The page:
Rashid and Magdi then applied these four criteria to the perpetrators of 9/11, the Oklahoma Bombing, and the Norwegian Massacre. In his final testament, suicide pilot Muhammad Atta mentioned three times in four short pages that he would soon be meeting the virgins of paradise promised him by his prophet Muhammad. In his justification for 9/11, Osama bin Ladin did not inform his fellow Muslims it was intended to punish an imperialistic, political enemy. He did say that it was a blow against the rayyis al-kuffar, a religious expression meaning the leader of the infidels. The writings of bin Ladin, as well as Ayman al-Zawahiri and other al-Qaeda Sharia or religious leaders are filled with references to the Koran, the Hadith, and early Islamic history to justify their strategy. The 1500 page manifesto of Anders Breivik, in contrast, does not mention the teachings of Jesus or the Bible a single time. His only reference to Christianity is a generic one in which he envisions a Christian Europe being changed to a Muslim one. And Timothy McVeigh, rather than fantasizing about virgins in paradise, acknowledged that if there was a hell he would probably be going there.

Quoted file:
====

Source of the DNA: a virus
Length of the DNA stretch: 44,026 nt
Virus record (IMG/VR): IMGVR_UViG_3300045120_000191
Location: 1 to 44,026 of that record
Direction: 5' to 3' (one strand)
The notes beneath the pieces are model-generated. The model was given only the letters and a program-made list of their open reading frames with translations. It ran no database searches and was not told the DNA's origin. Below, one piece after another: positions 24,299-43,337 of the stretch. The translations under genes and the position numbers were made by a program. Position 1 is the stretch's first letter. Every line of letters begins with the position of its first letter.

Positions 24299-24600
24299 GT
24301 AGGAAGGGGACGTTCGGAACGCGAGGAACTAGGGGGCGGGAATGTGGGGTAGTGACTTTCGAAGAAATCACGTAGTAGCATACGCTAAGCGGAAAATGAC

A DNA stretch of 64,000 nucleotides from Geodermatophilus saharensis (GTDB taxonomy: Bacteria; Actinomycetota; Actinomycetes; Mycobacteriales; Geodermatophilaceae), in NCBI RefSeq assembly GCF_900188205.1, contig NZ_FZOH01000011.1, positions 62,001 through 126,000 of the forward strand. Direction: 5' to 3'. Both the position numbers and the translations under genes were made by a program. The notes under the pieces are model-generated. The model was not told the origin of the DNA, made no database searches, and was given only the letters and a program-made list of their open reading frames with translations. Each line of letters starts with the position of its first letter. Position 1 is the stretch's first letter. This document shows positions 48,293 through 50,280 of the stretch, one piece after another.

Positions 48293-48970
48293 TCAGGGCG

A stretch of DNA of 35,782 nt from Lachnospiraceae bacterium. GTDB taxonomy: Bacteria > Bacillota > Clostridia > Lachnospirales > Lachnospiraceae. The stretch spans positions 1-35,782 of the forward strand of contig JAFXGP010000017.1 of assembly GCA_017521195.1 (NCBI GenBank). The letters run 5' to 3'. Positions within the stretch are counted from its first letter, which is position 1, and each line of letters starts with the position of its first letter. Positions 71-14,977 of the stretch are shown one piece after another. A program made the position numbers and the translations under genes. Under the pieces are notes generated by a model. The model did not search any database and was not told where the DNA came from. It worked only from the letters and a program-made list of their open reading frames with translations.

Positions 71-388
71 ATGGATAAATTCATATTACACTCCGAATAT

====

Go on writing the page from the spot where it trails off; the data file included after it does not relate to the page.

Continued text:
What were the objectives of McVeigh and Breivik, as compared to Muslim terrorists? Again, the first two had nothing to do with achieving the goals of Christianity. McVeigh was angry at his government, and Breivik was fearful for his culture. Muslim terrorists, on the other hand, state again and again that their goal is to establish Deen Allah, the religion of God, throughout the earth as Islam was practiced by Muhammad and his early followers.